IoT Security Model

A suitable IoT security model is end-to-end and spans the entire protocol stack. Source: Adapted from Intel 2015, fig. 1 and 2.
A suitable IoT security model is end-to-end and spans the entire protocol stack. Source: Adapted from Intel 2015, fig. 1 and 2.

Since the Internet of Things (IoT) is not a standard, there's no single standardized approach to security. There are multiple IoT reference models defined by various stakeholders including ITU-T, Cisco, Intel, IBM, Microsoft, Symantec, and others. Security is often considered in these reference models. This article looks at some of these security models.

An IoT security model can be seen in two perspectives: (a) In a layered architecture, there's a security layer that spans the entire stack, from the connectivity layer at the bottom to the application layer at the top. (b) In an end-to-end solution, security is implemented at all points, from end devices to network to cloud.

Models provide a formal framework to implement security and evaluate the maturity of those implementations.

Discussion

  • How is security addressed within the IoT Reference Model?
    Cisco's IoT security reference model. Source: Cisco 2014, fig. 10.
    Cisco's IoT security reference model. Source: Cisco 2014, fig. 10.

    For illustration, let's consider Cisco's reference model for security. It's a layered architecture with the lowest layers being device centric and the highest layers being more cloud centric. For control, information flows top to bottom. For monitoring, the flow is opposite. Security is considered at each layer. The lower layers focus on giving secure access to physical hardware while also providing a trusted environment for code execution. At higher layers, the focus is on identity management, authentication, analytics, and so on.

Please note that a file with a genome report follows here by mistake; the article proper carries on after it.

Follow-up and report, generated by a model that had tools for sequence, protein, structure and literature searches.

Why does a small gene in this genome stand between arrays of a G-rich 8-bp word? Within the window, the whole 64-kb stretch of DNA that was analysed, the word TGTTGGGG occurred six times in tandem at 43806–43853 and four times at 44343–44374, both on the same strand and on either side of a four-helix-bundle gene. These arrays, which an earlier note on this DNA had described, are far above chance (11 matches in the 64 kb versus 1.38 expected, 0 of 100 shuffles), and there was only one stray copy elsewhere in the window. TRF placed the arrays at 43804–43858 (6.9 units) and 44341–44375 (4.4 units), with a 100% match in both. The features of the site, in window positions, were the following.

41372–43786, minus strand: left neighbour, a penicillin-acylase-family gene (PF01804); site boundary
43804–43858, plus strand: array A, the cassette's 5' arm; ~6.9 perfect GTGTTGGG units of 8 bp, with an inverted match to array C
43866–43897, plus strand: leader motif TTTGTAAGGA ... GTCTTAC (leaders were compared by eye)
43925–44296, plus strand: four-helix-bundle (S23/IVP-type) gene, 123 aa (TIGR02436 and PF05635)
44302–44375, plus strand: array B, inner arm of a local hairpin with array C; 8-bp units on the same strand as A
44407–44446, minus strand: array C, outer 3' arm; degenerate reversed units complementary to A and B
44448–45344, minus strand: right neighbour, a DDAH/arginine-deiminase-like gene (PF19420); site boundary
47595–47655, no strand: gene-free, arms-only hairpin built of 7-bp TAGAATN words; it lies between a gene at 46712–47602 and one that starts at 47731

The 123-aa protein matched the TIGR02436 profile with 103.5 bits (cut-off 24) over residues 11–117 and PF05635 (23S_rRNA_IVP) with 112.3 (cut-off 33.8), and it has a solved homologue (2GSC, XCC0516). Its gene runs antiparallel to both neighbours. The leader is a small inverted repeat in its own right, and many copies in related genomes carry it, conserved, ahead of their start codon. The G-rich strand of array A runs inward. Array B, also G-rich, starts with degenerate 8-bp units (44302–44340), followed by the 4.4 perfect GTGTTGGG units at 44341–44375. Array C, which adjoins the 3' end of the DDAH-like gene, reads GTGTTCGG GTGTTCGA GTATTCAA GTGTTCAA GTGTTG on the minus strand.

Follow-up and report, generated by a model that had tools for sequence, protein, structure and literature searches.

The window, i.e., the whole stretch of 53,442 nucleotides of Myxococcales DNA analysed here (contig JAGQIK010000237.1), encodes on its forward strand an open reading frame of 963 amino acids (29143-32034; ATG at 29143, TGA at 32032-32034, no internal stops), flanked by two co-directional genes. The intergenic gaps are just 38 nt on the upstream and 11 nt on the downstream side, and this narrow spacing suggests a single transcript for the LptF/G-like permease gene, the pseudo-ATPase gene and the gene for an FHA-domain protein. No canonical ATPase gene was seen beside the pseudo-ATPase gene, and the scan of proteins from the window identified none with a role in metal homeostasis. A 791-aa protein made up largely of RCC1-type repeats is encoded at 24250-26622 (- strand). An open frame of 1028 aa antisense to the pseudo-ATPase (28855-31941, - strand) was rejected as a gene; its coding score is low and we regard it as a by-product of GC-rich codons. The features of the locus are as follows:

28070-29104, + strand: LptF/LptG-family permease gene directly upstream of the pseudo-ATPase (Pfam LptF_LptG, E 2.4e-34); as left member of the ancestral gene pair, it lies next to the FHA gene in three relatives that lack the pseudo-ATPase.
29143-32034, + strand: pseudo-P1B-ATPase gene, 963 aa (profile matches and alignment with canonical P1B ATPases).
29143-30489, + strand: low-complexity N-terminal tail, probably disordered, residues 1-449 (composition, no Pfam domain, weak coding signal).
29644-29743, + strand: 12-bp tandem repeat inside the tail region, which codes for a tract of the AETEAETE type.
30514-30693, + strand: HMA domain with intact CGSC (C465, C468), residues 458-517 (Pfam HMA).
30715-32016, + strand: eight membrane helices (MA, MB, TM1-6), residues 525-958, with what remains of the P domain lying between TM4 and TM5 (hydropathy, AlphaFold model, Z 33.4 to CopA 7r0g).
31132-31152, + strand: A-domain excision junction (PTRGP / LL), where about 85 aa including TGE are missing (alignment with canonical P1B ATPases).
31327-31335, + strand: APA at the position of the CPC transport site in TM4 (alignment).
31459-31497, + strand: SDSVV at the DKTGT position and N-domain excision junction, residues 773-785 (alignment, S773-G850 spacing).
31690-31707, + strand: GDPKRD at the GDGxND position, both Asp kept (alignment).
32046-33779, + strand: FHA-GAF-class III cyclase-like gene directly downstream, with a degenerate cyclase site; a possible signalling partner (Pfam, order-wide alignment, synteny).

IBM's own model emphasizes the sensor gateway and IoT gateway where security is important. However, it too recognizes that security concerns the entire system. It identifies data security, device security, user security and application security.

    Microsoft Azure divides the system into things (IoT devices), insights (data processing in the cloud), and action (business integration and machine learning). Security is a cross-cutting concerns across all three parts. We need secure provisioning of devices, secure connectivity, data protection during processing and storage, and secure user management.

  • How can I apply threat modelling to secure IoT systems?
    Microsoft Azure for IoT defines zones and trust boundaries. Source: Microsoft Docs 2018.
    Microsoft Azure for IoT defines zones and trust boundaries. Source: Microsoft Docs 2018.

    Threat modelling is an approach used in Microsoft Azure. In particular, they classify threats according to STRIDE (Spoofing, Tampering, Repudiation, Information disclosure, Denial of service, and Elevation of privilege). A threat could fall under multiple categories at the same time.

    When applied to IoT, the process involves modelling the application, enumerating threads, mitigating threats and validating the mitigations. Core elements of the threat model are processes, data stores, data flows, and external entities.

    They also recommend partitioning the system into zones, each defined with its own data, authentication and authorization requirements. Typical zones include devices, field gateways, cloud gateways and services. Trust boundaries between zones are where STRIDE threats can occur. Focus must be on application features that are relevant to security and those that touch trust boundaries.

    For instance, data going in an out of Azure IoT Hub or Event Hub must be protected at protocol level (eg. HTTP/MQTT/CoAP). At device level, read-only OS partition, signed OS image, strong authentication, memory encryption and Trusted Platform Module (TPM) are needed.